The defendant argues that the sole factor motivating the trial court's sentence was its conclusion that he ought to participate in an eighteen-month, government-run treatment program for sex offenders. Mr. Shields points us to the Sixth Circuit's decision in United States v. Yopp, 453 F.3d 770, 774 (6th Cir. 2006), which rejected as unreasonable a sentence predicated on the length of time it would take the defendant to complete an in-house substance-abuse treatment program, much like the program the district court in our case envisioned for Mr. Shields. As in our case, the sentence in Yopp totaled twenty-four months, and followed the defendant's violation of his supervised release. Id. at 771-72.
Unlike our case, however, the trial court in Yopp appeared to premise its sentence solely on the requirements of the substance-abuse treatment program. Id. at 774. Further, the trial court failed to mention or consider either the Chapter 7 policy statements or the 3553(a) factors. Id. at 773-74. The district judge who sentenced Mr. Shields, by contrast, weighed the Chapter 7 recommendations and thoroughly considered the 3553(a) factors, on which he based his sentence. We do not require more. Mr. Shields's sentence was not plainly unreasonable.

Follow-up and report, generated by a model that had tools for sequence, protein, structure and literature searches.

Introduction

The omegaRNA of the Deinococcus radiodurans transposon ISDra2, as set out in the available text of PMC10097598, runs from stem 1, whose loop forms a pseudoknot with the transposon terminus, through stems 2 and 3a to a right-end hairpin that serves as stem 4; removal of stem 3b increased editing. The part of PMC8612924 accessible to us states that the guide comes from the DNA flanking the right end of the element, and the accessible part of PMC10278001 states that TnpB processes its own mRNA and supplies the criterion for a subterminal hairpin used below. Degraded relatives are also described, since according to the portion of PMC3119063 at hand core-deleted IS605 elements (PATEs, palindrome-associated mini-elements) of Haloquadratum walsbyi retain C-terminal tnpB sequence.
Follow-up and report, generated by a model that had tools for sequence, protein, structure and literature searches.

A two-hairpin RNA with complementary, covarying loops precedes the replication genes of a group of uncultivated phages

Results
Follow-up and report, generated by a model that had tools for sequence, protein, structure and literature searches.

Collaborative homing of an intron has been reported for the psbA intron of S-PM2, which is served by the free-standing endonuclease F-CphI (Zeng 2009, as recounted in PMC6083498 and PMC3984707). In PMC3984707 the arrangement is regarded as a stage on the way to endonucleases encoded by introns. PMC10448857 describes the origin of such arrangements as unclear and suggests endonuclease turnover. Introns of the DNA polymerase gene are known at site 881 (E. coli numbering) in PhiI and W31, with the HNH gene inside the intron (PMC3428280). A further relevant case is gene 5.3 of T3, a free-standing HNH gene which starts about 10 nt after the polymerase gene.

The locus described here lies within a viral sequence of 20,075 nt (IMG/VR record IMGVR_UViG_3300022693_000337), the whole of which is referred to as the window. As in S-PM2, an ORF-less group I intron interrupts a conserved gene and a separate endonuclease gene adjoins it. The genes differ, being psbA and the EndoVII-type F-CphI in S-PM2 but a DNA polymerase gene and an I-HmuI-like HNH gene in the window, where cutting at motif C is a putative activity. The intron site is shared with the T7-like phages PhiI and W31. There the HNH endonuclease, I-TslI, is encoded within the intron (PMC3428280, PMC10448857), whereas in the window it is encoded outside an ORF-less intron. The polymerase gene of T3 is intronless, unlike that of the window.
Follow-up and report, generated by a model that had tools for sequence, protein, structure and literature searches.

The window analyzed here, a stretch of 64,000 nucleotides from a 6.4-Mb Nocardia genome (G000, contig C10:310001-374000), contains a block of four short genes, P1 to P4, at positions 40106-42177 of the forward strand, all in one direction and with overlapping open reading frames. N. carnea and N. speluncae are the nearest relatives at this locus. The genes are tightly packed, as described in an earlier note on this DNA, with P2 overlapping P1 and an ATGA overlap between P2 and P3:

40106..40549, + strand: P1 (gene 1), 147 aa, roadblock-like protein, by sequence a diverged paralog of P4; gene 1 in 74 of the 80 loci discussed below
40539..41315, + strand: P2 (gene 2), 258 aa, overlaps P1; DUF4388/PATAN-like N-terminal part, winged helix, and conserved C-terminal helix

Accordingly, the judgment of the United States District Court for the District of Kansas is AFFIRMED.
Entered for the Court,
Michael W. McConnell
*.After examining the briefs and appellate record, this panel has determined unanimously that oral argument would not materially assist in the determination of this appeal. See Fed. R. App. P. 34(a)(2); 10th Cir. R. 34.1(G). This case is therefore submitted without oral argument. This order and judgment is not binding precedent, except under the doctrines of law of the case, res judicata, and collateral estoppel. It may be cited, however, for its persuasive value consistent with Fed. R. App. P. 32.1 and 10th Cir. R. 32.1.